Fab Academy in full swing at Waag

At 3 in the afternoon, the Honduras FabLab is being called out by Fab Academy lecturer and founder Neil Gershenfeld, who is at his home in the United States. Honduras hasn’t uploaded their homework for this week. While Gershenfelds mouse shifts over the empty block under ‘Learning how to make cool stuff’, a student in the Metselaarsgildekamer at Waag in Amsterdam sighs. ‘Please don’t waste anyone’s time,’ Gershenfeld says to the Honduras FabLab. He then continues, cheerfully showing a picture of him and his son at a large 3d-scanning unit in Hollywood. In the Metselaarsgildekamer, five students and their instructor Henk Buursen are watching it all happen on the screen. 

This January, Fab Academy 2020 started at Waag. Waag has been hosting Fab Academy in its FabLab ever since it was still a pilot back in 2009. These days the Fab Academy is an education trajectory of six months, followed simultaneously by over sixty labs in the world, from Bangladesh to Mexico and from Iceland to Rwanda. Students learn all about digital fabrication, following courses and doing group assignments each week, which are then followed by international review and class by MIT’s Neil Gershenfeld. Students also work on their own final projects. All of this is documented online, so that during the weekly international review, Neil can comment on the various ways in which each FabLab has fulfilled their assignments.

One hundred times more candy

We’re in week four of Fab Academy and the students have completed an assignment on electronics production, making their own 'in circuit programmer' they can use for their upcoming assignments. (Check out what they did). Through videochat, we can see Neil Gershenfeld sitting in his workroom, a dog sometimes casually passes by in the hallway. From his office, Neil has the power to mute and unmute all of the labs who are in the call, which leads to moments in which we see two people sitting in a car, or to Neil calling ‘Hello? Is Singapore there?’ The screen stays silent for a while, but eventually Singapore pops up. ‘Nihar, you need to be ready for these reviews,’ Neil says. Then, the student calling in from Singapore scrolls through the photos he took of the assignment this week. Neil opens a Paint-like program and draws a V-shape, commenting on the way the student did his milling. The student then gets to present his idea for his final work, which is an automated tea brewer. 

Another student in another FabLab shows us his idea for a drone for his final project. Neil Gershenfeld calls in the Barcelona FabLab, where a lady explains that one of their previous contestants made a drone that does ‘seed bombing’ for enhancing biodiversity. We also see Japan, where it is night time, and where a completely different approach was taken to the assignment of the week, using acid instead of milling.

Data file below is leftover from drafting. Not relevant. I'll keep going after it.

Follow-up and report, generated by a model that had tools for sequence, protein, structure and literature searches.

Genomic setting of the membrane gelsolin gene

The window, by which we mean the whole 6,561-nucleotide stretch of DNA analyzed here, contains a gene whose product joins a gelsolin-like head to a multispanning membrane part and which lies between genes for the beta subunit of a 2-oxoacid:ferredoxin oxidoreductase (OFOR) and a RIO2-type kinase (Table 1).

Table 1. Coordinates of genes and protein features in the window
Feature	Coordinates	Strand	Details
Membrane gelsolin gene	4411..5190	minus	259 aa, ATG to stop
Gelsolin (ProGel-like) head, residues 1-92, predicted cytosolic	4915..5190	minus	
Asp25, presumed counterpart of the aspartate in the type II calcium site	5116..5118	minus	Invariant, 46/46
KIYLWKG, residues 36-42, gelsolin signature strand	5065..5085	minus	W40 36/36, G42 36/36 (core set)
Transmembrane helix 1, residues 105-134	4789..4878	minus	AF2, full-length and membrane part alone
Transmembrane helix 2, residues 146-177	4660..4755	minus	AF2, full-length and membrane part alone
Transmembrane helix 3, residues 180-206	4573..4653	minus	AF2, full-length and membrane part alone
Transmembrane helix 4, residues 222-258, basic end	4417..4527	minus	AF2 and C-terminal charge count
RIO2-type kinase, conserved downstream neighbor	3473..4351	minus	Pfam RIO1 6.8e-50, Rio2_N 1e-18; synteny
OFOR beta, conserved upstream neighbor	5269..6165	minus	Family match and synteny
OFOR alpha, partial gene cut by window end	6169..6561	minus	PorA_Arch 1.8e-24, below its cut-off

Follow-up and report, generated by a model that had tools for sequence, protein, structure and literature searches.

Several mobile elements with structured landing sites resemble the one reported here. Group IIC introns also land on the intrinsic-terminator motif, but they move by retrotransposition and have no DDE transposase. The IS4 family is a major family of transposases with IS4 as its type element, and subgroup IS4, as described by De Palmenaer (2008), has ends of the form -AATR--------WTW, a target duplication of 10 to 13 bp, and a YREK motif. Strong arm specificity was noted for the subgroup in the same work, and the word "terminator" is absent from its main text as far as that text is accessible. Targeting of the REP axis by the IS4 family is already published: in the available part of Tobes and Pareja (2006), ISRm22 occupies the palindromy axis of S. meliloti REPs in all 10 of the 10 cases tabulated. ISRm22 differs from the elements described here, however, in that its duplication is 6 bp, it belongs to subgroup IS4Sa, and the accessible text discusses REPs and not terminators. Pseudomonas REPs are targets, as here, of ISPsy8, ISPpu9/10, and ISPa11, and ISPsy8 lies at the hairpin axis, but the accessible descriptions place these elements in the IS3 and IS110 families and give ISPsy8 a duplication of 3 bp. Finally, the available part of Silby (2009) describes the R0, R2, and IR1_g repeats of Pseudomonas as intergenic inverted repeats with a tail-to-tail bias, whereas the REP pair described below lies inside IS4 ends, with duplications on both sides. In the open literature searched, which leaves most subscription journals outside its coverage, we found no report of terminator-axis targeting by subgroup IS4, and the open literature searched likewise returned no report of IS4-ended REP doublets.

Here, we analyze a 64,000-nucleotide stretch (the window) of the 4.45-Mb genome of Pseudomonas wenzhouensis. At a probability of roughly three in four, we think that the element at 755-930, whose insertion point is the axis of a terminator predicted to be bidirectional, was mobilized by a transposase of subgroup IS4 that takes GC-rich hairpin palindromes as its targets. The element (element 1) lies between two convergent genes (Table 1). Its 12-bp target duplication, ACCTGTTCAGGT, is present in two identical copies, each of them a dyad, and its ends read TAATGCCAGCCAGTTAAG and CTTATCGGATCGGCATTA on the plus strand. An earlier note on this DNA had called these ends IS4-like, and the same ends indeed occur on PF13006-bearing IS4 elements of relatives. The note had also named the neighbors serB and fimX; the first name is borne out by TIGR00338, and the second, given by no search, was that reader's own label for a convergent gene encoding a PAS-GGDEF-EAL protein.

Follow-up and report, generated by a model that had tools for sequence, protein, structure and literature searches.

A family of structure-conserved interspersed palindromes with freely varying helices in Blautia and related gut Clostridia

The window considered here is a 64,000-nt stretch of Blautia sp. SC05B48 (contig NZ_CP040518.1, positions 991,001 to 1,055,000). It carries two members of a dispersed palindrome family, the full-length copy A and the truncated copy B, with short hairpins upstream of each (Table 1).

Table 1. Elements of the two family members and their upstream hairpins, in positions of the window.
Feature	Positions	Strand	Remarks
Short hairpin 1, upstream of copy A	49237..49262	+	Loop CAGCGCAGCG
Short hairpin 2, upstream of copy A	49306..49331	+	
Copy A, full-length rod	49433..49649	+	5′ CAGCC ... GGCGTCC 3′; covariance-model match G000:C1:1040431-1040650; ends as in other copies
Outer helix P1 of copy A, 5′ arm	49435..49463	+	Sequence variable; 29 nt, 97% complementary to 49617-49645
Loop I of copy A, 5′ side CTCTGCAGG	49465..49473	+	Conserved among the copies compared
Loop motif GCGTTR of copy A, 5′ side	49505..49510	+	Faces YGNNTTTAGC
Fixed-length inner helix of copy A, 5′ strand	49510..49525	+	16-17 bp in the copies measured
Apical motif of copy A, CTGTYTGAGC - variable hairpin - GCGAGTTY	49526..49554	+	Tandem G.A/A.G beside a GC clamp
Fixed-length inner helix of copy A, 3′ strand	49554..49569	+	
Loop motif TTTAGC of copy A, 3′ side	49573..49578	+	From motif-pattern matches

At the end of the review, Neil Gershenfeld asks if people have any questions or remarks. Reykjavik pops into the screen. A man, standing in front of four children dressed in Frozen costumes, explains that the children, as part of local festivities, have to sing to people to earn candy. The four children sing an Icelandic song. They then get applauded by over a hundred people in more than sixty countries. ‘There is one problem now,’ Neil Gershenfeld says, ‘the children now have sung for over a hundred people, so they need to get one hundred times more candy.’

‘You get, just, goo’

After the break, class on the subject for next week starts. We’re talking about 3d printing, following the public course on the Fab Academy website. ‘There’s many constraints in 3d printing. It’s not remotely magic. You don't get to just push go and parts magically come out,’ Neil says. ‘You can get the job running, and when you come back, for an extrusion you get a tangle of spaghetti, for a particle binding you get elamination, for a resin one you get, just, goo.’

We run through the various ways in which 3d printing works – for example: a pointy object always needs a straight line in the design. ‘You don't design in a vacuum, you design around knowing your printer,’ Gershenfeld says. Then, we touch on the subject of 3d scanning, for which Gershenfeld shows many types of scanners. He explains how they work by drawing circles and lines in the same Paint-like program he used to explain copper milling to the Singapore FabLab. For example, one of the photogrammetry scanners works by photographing an object continuously, while at the same time, lighting the object with a speckle pattern, sending out random dots of light towards the object that is being scanned.

Gershenfeld also shows an example of 3d scanning for which the head of president Obama was scanned. This was actually a dangerous thing to do, because the 3d scanned head paves the way for using it to make deep fake videos, as the engineer who made the head also showed in a video for which he worked with an actress.

After the class, the labs from all over the world wave at each other. In India, a little girl, held by her mother, comes in front of the camera and waves goodbye. One by one the labs tune out of the conference call.

The work of FabAcademy 2020 is documented open source. Find the class described in this article here. The review session on electronics production can be found here. And check out the profiles of Waags FabAcademy contestants, in which they describe who they are, what they are learning and what they want to work on for their final projects.